Many colleges have dropped SAT requirements, but prospective students still face an uncertain landscape – TribLIVE | Team Cansler

An internal battle raged in Gabby Smith’s mind over her college admissions process.

It wasn’t about which colleges you apply to or what major you choose. It had nothing to do with tuition or scholarships.

The Plum senior was fighting over a key decision that has been at the forefront of college admissions preparation since the start of the Covid-19 pandemic: whether to include an ACT test result in an application to colleges and universities.

“Standardized tests always trip me up,” says Smith, who wants to study biology. “I know I’m a strong student and the standardized tests are the opposite of what school and college can do for me.”

As of spring 2020, many colleges and universities across the country — including Ivy League institutions like Harvard, Columbia, Cornell, and Princeton — suspended the requirement for a standardized test as part of a student’s application. Some have eliminated the requirement entirely, while others have left the decision as optional for students who feel their SAT or ACT score makes them a more attractive candidate.

Before the pandemic, about 40% of colleges and universities did not require applicants to submit standardized test scores, according to education nonprofit FairTest.

As of this month, more than 80% of higher education institutions do not require such grades for admission, according to FairTest. Every college and university in Southwest Pennsylvania currently lets most applicants choose whether to share standardized test scores. Those seeking admission to honors colleges or other specialty admissions could still be asked to submit scores.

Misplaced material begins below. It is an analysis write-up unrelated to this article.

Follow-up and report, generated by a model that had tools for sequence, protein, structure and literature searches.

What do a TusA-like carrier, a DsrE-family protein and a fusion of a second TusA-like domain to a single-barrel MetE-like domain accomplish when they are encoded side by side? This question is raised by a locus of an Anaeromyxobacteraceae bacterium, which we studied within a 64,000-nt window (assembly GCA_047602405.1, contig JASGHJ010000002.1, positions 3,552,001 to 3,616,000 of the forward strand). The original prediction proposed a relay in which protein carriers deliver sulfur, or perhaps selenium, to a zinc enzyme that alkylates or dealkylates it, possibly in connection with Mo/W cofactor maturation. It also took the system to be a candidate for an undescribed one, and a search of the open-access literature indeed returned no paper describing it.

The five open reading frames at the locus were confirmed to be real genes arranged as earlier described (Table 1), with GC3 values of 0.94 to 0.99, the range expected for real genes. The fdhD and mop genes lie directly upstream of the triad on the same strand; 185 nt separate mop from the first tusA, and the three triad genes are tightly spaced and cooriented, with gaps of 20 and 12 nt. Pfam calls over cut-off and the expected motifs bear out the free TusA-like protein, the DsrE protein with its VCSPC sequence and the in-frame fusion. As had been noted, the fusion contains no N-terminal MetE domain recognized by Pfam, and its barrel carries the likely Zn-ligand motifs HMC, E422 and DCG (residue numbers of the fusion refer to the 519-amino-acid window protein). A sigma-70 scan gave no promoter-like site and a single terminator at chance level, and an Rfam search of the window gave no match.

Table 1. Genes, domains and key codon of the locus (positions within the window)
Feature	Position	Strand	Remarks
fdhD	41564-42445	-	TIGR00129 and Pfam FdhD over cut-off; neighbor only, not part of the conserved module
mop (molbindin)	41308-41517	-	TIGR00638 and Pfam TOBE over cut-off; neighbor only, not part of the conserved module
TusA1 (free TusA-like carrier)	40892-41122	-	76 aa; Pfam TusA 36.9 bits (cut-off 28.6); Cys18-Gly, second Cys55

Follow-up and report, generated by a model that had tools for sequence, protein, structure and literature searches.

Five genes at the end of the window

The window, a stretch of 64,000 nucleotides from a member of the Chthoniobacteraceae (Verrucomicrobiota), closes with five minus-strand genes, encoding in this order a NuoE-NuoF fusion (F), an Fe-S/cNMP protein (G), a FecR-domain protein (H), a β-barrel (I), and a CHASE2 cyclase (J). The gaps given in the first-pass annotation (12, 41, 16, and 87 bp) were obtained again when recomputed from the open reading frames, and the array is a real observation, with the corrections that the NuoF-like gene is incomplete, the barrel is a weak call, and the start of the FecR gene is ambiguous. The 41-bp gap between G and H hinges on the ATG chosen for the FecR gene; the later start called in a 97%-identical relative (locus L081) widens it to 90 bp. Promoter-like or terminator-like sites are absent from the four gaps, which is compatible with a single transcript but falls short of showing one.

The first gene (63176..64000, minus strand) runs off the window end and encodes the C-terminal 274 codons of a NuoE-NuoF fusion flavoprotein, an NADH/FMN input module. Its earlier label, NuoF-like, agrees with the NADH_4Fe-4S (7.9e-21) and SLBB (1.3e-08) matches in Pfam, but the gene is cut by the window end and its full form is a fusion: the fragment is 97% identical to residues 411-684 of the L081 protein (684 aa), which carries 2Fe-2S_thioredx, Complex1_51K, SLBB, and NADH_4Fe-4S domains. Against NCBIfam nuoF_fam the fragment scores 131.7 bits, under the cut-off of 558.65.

This means that high school students must decide whether to take the SAT or the ACT test at all.

“It’s definitely something that everyone is still trying to come to terms with at this point,” said Penn-Trafford High School counselor Melissa Sutmire. “The kids aren’t sure, and when we’ve contacted admissions staff, sometimes they don’t have a clear answer for us either.”

How do universities weight the grades?

Traditionally, SAT and ACT scores have been viewed as indicators of a student’s understanding of educational concepts and their ability to succeed in a college setting. SAT scores might not have been the determining factor in a student’s admission, but they played a role.

Although some schools had moved away from standardized testing requirements before the pandemic, the Covid outbreak turned college admissions on its head.

Take the University of Pittsburgh. It became trial-optional in September 2020 and announced last month that it would extend the policy to at least 2025.

About half of Pitt’s current freshman class applied without standardized test scores, said Kellie Kane, Pitt’s director of admissions. Students who chose to withhold a test score were required to submit additional materials, such as essays and personal statements, as part of their application.

Kane said there was “no benefit” at Pitt in applying with or without a standardized test score.

“It’s really about what a student thinks is the best representation of who they are,” she said.

Many other test-faculty schools reflect similar sentiments.

Recent data, at least temporarily, reflects students moving away from tests.

According to College Board, the company that administers the SAT exam, about 30% fewer students nationwide took the SATs in 2021 (1.5 million students) than in 2020 (2.2 million). As of September, 1.7 million students had completed the SAT in 2022.

The number of students taking the ACT exam has also decreased compared to 2020. About 1.35 million students took the ACT this year, according to Inside Higher Ed, which tracks college and university issues and trends. That’s up from about 1.3 million students last year, but down from 1.67 million in 2020.

Test scores are also lower.

The ACT’s average score for the Class of 2022 was 19.8, the lowest in more than three decades, according to the ACT. The maximum score is 36.